Very strong evidence in favor of quantum mechanics and against local hidden variables from a Bayesian analysis

08/21/2018 ∙ by Yanwu Gu, et al. ∙ National University of Singapore 0

The data of four recent experiments --- conducted in Delft, Vienna, Boulder, and Munich with the aim of refuting nonquantum hidden-variables alternatives to the quantum-mechanical description --- are evaluated from a Bayesian perspective of what constitutes evidence in statistical data. We find that each of the experiments provides strong, or very strong, evidence in favor of quantum mechanics and against the nonquantum alternatives. This Bayesian analysis supplements the previous non-Bayesian ones, which refuted the alternatives on the basis of small p-values, but could not support quantum mechanics.

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I Introduction

Four recent experiments in Delft Delft , Vienna Vienna , Boulder Boulder , and Munich Munich tested the variants of Bell’s inequality Bell:64 introduced by Clauser et al. Clauser+3:69 and Eberhard Eberhard:93 . The shared aim of these experiments was the refutation of descriptions in terms of local hidden variables (LHV) that Bell and others had proposed as an alternative to the description offered by quantum mechanics (QM). Upon extracting small p-values from the respective data, with values between (Vienna) and (Delft), each of the four groups of scientists concluded that their data refute the LHV hypothesis. Putting aside all other caveats about, objections against, and other issues with the use of p-values Evans:p-value ; ASA:16 ; Benjamin+71:17 , let us merely note that the use of p-values can only make a case against LHV but not in support of QM. Yet, a clear-cut demonstration that the data give evidence in favor of QM is surely desirable.

We present here an evaluation of the data of the four experiments that shows that there is very strong evidence in favor of QM and also against LHV. Our analysis does not rely on p-values or any other concepts of frequentist statistics. We use Bayesian logic and measure evidence — in favor of alternatives or against them — by comparing the posterior with the prior probabilities of the alternatives to be distinguished.

The basic notion is both simple and natural Evans:15 : If an alternative is more probable in view of the data than before acquiring them, then the data provide evidence in favor of this alternative; and, conversely, if an alternative is less probable after taking note of the data than before, then the data give evidence against this alternative.

In our analysis, we only employ this principle of evidence and no particular measure for quantifying the strength of the evidence strength . As it happens, all alternatives save one are extremely improbable in view of the data so that the evidence in favor of the privileged alternative is overwhelming, and a quantification of the strength of the evidence is not needed here.

While Bell’s inequality and its variants are central to the design of the experiments, they play no role in our evaluation of the data. What matters are the probabilities of occurrence of the various measurement outcomes in the experiments. As discussed in Sec. III, the permissible probabilities make up an eight-dimensional set. It is composed of three subsets: one accessible only by QM, another only by LHV, and the third by both; see Fig. 1. We then ask Do the data provide evidence in favor of or against each of the three subsets? and, from the data of each of the four experiments, we find strong evidence for the QM-only subset and against the other two.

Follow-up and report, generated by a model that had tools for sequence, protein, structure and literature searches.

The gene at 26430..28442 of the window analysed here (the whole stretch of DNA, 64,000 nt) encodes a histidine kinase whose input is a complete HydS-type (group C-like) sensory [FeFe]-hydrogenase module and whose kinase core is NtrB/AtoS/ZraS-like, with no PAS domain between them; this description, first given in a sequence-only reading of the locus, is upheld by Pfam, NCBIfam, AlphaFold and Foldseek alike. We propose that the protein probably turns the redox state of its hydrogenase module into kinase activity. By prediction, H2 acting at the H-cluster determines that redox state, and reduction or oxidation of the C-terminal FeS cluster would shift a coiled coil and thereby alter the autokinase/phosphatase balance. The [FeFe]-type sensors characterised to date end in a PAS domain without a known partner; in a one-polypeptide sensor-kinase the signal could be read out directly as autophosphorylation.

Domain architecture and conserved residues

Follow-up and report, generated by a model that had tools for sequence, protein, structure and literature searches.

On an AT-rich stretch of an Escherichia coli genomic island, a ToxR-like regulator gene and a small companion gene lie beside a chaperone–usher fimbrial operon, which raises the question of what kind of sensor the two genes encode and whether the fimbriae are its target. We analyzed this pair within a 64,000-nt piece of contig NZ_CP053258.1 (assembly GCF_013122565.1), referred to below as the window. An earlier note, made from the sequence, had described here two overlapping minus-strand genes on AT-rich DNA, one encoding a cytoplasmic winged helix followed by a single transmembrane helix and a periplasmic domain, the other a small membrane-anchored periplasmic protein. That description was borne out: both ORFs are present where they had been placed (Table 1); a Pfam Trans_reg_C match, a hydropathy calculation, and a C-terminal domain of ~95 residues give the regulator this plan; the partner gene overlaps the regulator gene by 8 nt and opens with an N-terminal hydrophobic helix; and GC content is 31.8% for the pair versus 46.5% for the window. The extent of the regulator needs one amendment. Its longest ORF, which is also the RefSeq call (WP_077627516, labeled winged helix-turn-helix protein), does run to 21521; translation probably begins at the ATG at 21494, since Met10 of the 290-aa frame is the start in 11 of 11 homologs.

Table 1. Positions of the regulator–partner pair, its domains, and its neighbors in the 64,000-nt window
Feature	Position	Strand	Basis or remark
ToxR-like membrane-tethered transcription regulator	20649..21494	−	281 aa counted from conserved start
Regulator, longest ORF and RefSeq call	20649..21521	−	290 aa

Figure 1: Symbolic sketch of the eight-dimensional set of permissible probabilities. The points inside the ellipse symbolize probabilities accessible by quantum mechanics (QM); the triangle encloses the probabilities permitted by local hidden variables (LHV). There are no QM probabilities in the blue portion of the LHV set, and no LHV probabilities in the red part of the QM set. The green overlap region contains the probabilities that are possible both for QM and LHV.

An essential part of the Bayesian analysis is the choice of prior — the assignment of prior probabilities to the three regions in Fig. 1, thereby accounting for our prior knowledge about the experiment and the assumptions behind its design. If we were to strictly follow the rules of Bayesian reasoning, we would endow the set of QM-permitted probabilities with a prior close to 100% and allocate a very tiny prior to the subset of LHV-only probabilities. For, generations of physicists have accumulated a very large body of solid experimental and theoretical knowledge that makes us extremely confident that QM is correct. Not one observed effect contradicts the predictions of QM, while there is not a single documented phenomenon in support of all those speculations about LHV. In fact, this was already the situation in the mid 1960s when Bell published Ref. Bell:64 and gave a physical interpretation to an inequality known to Boole a century before Boole:62 .

Moreover, for the evaluation of the data from the four experiments, a by-the-rules prior, namely a properly elicited prior, would have to reflect our strong conviction that the experimenters managed to implement the experiment as planned in a highly reliable fashion, with the desired probabilities from the QM-only subset. Accordingly, we really should assign a very large prior probability to the “QM only” region symbolized in Fig. 1, a much smaller one to the “both” region, and an even smaller one to the “LHV only” region.